Why, my neighbors whined over and over during this call, were there so many homeless people—“unhoused,” the captain was quick to correct—and why did they have to come here? (I would like to add that some block association members were good enough liberals to learn the first names of the people living on the sidewalks.) When someone asked about the much-publicized summer spike in gun violence, the captain assured the block association that there had only been one local shooting and no deaths in the area; that is, if you excluded the housing projects on Ninth Avenue—i.e., our other neighbors, the ones not in the block association. (Lest you think I am exaggerating; I do have a recording of this meeting in my possession.)
The members of my block association were not alone in failing to live according to their purported values. The shameful evictions at the Lucerne Hotel soon followed: Tony Upper West Siders forced homeless men out of their temporary housing at a pandemic-emptied hotel, throwing them back into the vicious cycle of uncertainty with which the unhoused must contend. I’d bet good money that most of those uptown locals who lobbied for the eviction voted for Biden in November. And, hey, I’m grateful they did! But this realization, and the nail biting, gut-wrenching stress of the presidential election, made me realize that there was a very clear division of labor between local and federal government—especially as a New Yorker.
After the events of 2020, it’s clear we will not get anywhere if we frame progressivism as a national project. The Democratic Party defeated Trump and that’s a wonderful thing. But, pretending it has anything to offer in terms of the politics of wealth, policing, and public health in New York City is absurd. On a basic level, what can a party that simply takes our state’s electoral votes for granted offer us? (The New York Times’s Farhad Manjoo wrote an insightful column that describes similar feelings about California, where he lives.)
In other words, the Democratic Party is merely a bulwark against fascism—nothing more, and nothing less. It’s utterly inept at helping anyone on the ground. I am completely cynical about the federal government, yet bone-weary of false equivalency. I’ve come to accept that the United States will continue to fight its abhorrent wars abroad, no matter who is in office, and that my federal taxes will be used to fund them. I see this as a mere tithe. But what happens in my city is of desperate and deep importance to me.
Right now, as millions of New Yorkers suffer from illness and poverty caused or exacerbated by the pandemic, the municipal government must help the poor. The rich in New York are extremely wealthy. They can literally afford to fight City Hall. If, on a national level, I’m fine shaking hands with a centrist or even a never-Trump Republican, I am basically a Marxist on a local level—especially in primary season. Right now, the subways don’t work, the school system is in chaos, and housing insecurity is endemic. Since the federal government will not step in, the local government must—even if doing so means an adversarial relationship with the wealthy. I’m confident that anyone who thrived financially during the crisis can figure out how to eke out a living during the recovery. Surely, the rich have bootstraps to spare. They shouldn’t be the concern of New York City’s mayor.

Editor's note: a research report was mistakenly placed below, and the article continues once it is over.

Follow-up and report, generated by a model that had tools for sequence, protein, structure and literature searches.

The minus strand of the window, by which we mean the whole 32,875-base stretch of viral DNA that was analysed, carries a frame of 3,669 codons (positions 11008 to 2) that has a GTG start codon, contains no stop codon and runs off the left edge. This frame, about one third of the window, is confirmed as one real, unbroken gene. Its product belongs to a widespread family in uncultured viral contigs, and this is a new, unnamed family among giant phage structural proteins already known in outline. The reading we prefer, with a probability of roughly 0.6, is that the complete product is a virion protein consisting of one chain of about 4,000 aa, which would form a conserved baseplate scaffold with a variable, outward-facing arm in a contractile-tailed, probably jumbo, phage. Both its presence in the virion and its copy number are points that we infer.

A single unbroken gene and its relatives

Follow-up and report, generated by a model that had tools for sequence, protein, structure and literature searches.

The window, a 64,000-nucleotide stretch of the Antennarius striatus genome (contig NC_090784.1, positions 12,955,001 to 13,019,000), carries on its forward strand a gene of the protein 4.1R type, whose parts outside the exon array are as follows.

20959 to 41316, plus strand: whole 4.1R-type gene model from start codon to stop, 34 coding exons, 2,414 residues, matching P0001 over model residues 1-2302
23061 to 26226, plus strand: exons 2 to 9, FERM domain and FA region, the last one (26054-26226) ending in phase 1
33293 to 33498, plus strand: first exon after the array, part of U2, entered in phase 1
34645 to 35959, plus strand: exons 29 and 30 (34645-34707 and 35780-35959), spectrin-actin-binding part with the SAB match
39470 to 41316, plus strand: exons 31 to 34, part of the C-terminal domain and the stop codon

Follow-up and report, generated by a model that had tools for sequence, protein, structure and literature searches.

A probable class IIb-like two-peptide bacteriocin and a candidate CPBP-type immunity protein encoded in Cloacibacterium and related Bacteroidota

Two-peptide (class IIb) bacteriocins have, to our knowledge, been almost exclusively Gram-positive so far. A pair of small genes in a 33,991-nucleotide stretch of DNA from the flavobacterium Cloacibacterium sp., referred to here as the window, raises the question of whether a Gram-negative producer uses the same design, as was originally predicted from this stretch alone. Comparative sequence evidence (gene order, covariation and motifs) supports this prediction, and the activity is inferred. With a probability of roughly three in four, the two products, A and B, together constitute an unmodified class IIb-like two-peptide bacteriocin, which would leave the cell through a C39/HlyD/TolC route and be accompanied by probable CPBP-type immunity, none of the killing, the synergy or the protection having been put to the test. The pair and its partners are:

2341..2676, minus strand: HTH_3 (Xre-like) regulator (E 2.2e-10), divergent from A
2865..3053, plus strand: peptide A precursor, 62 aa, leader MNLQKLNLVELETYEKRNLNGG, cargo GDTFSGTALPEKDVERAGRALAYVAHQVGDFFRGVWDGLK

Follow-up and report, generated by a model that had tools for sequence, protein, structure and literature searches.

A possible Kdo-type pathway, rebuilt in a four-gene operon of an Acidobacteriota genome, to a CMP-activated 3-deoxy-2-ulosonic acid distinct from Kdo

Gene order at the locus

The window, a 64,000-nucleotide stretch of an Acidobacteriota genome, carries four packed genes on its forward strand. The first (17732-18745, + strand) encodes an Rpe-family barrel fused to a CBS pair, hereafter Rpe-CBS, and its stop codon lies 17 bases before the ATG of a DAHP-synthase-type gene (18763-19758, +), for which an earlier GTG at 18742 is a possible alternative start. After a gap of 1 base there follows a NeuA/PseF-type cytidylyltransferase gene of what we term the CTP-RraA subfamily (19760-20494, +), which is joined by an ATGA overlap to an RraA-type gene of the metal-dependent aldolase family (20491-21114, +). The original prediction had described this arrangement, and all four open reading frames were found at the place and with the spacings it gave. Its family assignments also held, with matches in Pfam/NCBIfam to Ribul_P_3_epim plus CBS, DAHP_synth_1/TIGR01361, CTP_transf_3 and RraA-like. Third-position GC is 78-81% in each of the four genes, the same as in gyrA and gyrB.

In another context, I might use this conclusion to tell you why New York is the greatest city in the world. If you disagreed or complained, I’d muster enough local color to tell you to keep it moving. Instead, I’ll say this: I believe progressivism lives or dies in the details. Those details inherently vary from place to place. We can cooperate as a nation while understanding our needs to be substantively different at the local level. Perhaps we can find more unity on the Left as a country if we are able to give one another more breathing room on a municipal level. So, allow me to take the space in this conclusion I’d reserved for my civic pride and instead ask you to write this piece about your own city or town or village. I’d love to read it! After all, as Tip O’Neill liked to say, all politics is local.